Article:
Posted Thu Nov 5, 2009 at 01:00 PM PST by Mike Attebery
Reps from Walt Disney, Sony, Universal, and Fox gathered for a panel at this year’s Blu-Con 2.0 to discuss the present and future of BD-Live.
Currently, 4 million Blu-rays connect to BD-Live every month. 50% of users return to the various portals (1984-esque tangent: Sony remembers your player’s I.P. address, and thus knows if you repeatedly access digital content. Big Brother knows where you are at all times!).
I’ve always wondered why BD-Live features have been so lackluster. Apparently, the challenge here is education. Studios and retailers are already educating the consumer on alien terms like HDTV, HDMI, 1080p, 7.1 and Blu-ray. Creating a brand new social experience for BD-Live and having to educate the consumer even further is an uphill battle on top of an uphill battle. Which is why the current strategy for studios is to build upon technology and habits that already exist (via iPhone apps, and partnerships with popular websites like Facebook and IMDB.com). To them, BD-Live should be not only an extension / augmentation of the movie, but also of the consumer’s life.
Here’s a run down of strategies / features by studio:
How can they make it easy, dynamic, and interactive?
Their first BD-Live title was ‘Sleeping Beauty,’ and since then they’ve had the ‘Hannah Montanna’ movie tied to Radio Disney, and the recent ‘Snow White’ features include “living menus” that change appearance according to the time and local weather, as well as the ability to receive a phone call from a Disney princess.
‘Lost - Season 5’ will feature “Lost University” (https://www.lostuniversity.org/). LU, with its Polar Bear mascot, is a Blu-ray/BD-Live exclusive, and gives Lost’s rabid fan base a chance to not only learn about the show, but also to study the themes and mythology built into the Lost universe. Disney hopes that ‘Lost’ fans who have yet to go Blu will buy Blu-ray players in order to participate.
SONY: Every release since April of 2008 has featured BD-Live (and of course, it should, given that their parent company invented Blu-ray). Initially, the BD-Live link was to a portal for additional content downloads and a chance to fill out surveys to let Sony know how they’re doing. Snore.
Recently, however, Sony’s focus has been two-fold. 1) The chance to edit clips from the movies (as seen on ‘Step Brothers,’ ‘Year One,’ and the upcoming ‘Snatch’) and post them on Facebook. And 2) “MovieIQ,” which is a live interactive database about the movie’s cast, crew, and production. A nifty feature bound for ‘Julie & Julia’ (Dec. 8th) is the ability to choose and email yourself recipes from the movie as it plays.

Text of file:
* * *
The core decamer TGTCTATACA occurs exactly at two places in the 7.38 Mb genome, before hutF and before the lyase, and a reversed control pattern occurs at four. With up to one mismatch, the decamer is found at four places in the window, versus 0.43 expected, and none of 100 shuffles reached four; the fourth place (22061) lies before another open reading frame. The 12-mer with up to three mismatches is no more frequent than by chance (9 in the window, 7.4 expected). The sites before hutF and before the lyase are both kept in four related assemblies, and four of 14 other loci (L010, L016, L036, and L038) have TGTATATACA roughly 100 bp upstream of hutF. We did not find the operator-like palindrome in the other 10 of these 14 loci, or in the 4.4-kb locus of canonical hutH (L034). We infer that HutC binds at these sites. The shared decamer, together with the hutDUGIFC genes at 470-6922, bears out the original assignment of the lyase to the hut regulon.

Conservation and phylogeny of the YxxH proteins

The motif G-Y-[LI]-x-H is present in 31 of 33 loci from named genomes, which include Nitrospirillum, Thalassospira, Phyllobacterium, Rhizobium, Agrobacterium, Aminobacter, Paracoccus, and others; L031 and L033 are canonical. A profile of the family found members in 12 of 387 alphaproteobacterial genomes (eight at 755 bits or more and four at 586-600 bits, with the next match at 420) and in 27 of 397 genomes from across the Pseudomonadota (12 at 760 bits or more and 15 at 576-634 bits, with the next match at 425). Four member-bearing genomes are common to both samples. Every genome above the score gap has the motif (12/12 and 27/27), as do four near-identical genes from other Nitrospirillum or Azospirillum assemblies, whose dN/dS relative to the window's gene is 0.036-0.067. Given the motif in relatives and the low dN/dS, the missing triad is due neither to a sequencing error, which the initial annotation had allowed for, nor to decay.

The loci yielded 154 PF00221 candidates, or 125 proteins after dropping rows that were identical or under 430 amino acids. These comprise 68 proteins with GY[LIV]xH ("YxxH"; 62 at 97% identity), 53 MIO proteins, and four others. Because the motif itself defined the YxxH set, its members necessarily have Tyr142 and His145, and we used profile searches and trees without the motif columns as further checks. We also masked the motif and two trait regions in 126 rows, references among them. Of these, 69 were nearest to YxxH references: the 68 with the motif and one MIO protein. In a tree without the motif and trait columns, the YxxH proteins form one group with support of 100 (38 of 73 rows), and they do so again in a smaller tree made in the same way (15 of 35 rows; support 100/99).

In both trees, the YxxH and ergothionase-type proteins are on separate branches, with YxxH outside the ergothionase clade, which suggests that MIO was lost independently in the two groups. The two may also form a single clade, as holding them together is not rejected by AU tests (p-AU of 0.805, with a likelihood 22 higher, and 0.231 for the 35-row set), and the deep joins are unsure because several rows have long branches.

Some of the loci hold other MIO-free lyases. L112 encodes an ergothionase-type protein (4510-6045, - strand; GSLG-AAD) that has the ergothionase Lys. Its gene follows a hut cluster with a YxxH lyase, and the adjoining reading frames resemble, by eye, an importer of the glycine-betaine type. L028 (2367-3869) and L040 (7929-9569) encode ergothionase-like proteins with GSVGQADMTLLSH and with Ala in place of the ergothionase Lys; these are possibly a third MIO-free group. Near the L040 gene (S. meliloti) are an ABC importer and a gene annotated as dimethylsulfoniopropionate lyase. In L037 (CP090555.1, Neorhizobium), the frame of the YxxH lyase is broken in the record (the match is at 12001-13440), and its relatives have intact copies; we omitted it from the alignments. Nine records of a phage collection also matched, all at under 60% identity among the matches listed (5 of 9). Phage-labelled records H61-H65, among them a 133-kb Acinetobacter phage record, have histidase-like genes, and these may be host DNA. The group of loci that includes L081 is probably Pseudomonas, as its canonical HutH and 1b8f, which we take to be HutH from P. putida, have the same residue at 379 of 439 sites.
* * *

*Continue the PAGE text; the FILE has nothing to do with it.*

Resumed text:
UNIVERSAL: Admittedly arriving late to the Blu-ray world last year, Universal sees the BD-Live experience as something that should be “simple and sharable.” On their discs, look for “community screenings” (everyone around the country, or world, watches the film at the same time, chatting about it via BD-Live), and integrated Facebook / iPhone applications. Recently, for ‘Fast & Furious’ Universal released a car customizing iPhone app (build a car, and share with your friends online) that has proved popular.
FOX: Sharing similar buzz words as simple and social, Fox introduced “Live Lookup” with ‘X-Men Origins: Wolverine’ a few months ago. Integrated with IMDB.com, it’s similar to Sony’s “MovieIQ”, but for my money, much more fluid and visual. Frankly, it’s a shame that we have to have two different versions of the same feature, but I guess simplifying would involve too many lawyers.
Fox is also looking to get into community screenings, citing the desire to “elevate catalogue titles to event status.” Seems like in addition to dressing up, throwing props, and singing along to the ‘Rocky Horror Picture Show’, the first rule of the ‘Fight Club’ Blu-ray will be to not talk about the fact that everyone’s supposed to show up to watch the flick at the same time.
WARNER was not in this panel, but they are very excited to host global community screenings for ‘Harry Potter and the Half-Blood Prince’ (Dec. 7th).
It’s clear, despite all efforts, that BD-Live has a way to go. Studios are researching their little hearts out to give us features like “Live Lookup,” and attempting to integrate their products into the arenas we already occupy. “Lost University” seems like a good start, but is admittedly only for die-hard fans. In the not-too-distant future, we could see e-commerce (the ability to buy products literally used in, or as seen in, the movie), editing movies in real time and inserting them into the film, putting your voice / likeness into the movies, or features akin to Google maps (posting/tagging user generated clips online that tie into filming locations).
Perhaps in addition to developing and selling their movies, bold new filmmakers will also create exciting opportunities for interactivity in watching their movies, which is usually very passive (except for popcorn consumption). Or maybe it’ll be you, dear readers, with the next kick ass idea. What do you want from BD-Live? What’s a “gotta have it” toy you’d love at your fingertips as your favorite flick unfurls in glorious high def?
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